Back pain is a common occurrence in the U.S. for many individuals. As many as 80% of people in the U.S suffer from back pain of some sort. For this reason, choosing the best method of therapy for your back pain must be done carefully. Those who suffer from severe back problems usually consider a powered mobility device such as a power scooter as the first option for treatment. Deciding prematurely to use a power scooter when not needed could be a costly expense. Most often, a back brace is the more suitable method to treat back pain.
Let’s explore some of the differences between a power scooter and a back brace. Again, medical issues, conditions and limitations are not included in this comparison, simply because those decisions and evaluations are dependent upon your primary care physician. You will need to consult with your primary care physician and possibly a physical therapist to ensure you are fitted with the correct method of therapy, a power scooter or a back brace.
When is a scooter needed?
- If you need mobility assistance in your home.
- If you have difficulty walking for extended periods of time unassisted.
- If you are able to get in and out of a chair or bed on your own.
- If you have no postural or shoulder challenges.
- If you have a large floor plan for space in your home. Scooters have a larger turning radius than powered wheelchairs.
- If you only want something for outdoor use, you will need a scooter.
However, it will be an out-of-pocket purchase. Insurance will not pay unless it is purposed for indoor use only.
Signs that a back brace is needed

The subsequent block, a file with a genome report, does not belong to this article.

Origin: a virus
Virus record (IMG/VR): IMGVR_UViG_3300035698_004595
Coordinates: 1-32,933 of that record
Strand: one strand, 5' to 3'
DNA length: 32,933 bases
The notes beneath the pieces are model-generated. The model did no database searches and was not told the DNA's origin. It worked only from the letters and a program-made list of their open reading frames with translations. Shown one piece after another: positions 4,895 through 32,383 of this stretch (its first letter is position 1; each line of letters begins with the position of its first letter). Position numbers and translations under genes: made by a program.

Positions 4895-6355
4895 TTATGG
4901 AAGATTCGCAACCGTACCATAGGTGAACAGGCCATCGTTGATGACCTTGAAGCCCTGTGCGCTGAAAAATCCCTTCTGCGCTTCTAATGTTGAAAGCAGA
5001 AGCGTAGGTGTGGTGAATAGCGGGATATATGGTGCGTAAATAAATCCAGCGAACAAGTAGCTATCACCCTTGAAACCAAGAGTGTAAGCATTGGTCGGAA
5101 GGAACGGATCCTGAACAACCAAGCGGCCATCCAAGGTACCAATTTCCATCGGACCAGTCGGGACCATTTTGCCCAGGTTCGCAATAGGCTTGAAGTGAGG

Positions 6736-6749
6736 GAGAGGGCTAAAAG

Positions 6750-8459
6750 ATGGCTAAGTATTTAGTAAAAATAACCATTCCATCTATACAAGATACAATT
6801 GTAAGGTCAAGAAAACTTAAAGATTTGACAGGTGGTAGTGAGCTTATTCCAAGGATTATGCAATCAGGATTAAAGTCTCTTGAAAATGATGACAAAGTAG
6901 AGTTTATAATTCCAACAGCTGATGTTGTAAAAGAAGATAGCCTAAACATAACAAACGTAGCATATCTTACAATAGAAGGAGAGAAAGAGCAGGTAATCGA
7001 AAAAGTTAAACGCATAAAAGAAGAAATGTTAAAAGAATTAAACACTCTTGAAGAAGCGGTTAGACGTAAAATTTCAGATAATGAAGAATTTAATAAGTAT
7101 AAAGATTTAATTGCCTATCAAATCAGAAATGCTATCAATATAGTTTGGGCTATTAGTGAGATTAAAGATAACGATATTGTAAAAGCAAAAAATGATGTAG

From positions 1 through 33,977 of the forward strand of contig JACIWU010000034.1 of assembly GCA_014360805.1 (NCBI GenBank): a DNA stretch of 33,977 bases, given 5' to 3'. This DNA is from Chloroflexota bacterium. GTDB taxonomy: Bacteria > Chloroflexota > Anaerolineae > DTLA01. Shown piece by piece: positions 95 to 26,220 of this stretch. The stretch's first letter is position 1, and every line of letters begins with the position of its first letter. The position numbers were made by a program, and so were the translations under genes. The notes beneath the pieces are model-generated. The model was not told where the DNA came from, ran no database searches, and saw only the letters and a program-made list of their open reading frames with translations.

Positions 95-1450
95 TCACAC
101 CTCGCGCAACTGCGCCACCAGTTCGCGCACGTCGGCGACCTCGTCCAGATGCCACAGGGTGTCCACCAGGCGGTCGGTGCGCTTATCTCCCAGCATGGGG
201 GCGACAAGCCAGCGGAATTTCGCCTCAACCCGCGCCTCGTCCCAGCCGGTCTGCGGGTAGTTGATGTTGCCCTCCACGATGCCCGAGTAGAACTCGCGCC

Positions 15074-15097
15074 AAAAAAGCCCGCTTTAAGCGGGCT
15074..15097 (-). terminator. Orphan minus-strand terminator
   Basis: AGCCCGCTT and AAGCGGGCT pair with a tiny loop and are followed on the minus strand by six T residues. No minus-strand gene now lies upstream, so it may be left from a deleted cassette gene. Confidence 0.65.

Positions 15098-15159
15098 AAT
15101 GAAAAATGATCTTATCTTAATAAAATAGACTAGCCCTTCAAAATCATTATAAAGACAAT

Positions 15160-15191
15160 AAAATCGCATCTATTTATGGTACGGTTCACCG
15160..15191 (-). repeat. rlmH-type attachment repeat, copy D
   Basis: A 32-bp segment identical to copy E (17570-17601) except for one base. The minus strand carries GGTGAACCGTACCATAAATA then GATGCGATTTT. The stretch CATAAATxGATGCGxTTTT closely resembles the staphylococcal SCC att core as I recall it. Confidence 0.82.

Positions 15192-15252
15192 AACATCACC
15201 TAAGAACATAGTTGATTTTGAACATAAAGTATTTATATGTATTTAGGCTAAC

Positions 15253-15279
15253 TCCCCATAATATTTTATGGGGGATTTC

- Continual weakness in the legs and or feet.
- Tingling or knife-life stabbing sensations.
- Severe back pain.
- Pain in the lower spine (front, sides or back).
- Dowager’s hump.
- Difficulty bending, walking or lifting things you could before.
- Curvature of the spine.
- Deep, tight muscle contractions near the spine. These are more consistent in the lower back.
Be sure to keep in mind that your insurance will not pay for a power scooter if it is not deemed medically necessary. Also, if it is purposed for outdoor use your insurance provider will not pay for it. If you intend to use a power scooter for outdoor purposes you will have to purchase it out of pocket.
The amount of back pain your experience will not be the same as the next person. If you think a back brace is a better choice for your condition be sure to consult with your primary care physician for advice. If you are interested in treating your back pain with either a power scooter or back brace be sure to fill out our Qualify Through Insurance form for back braces or power scooters and our professional mobility team will walk you step-by-step through the process. We look forward to hearing from you!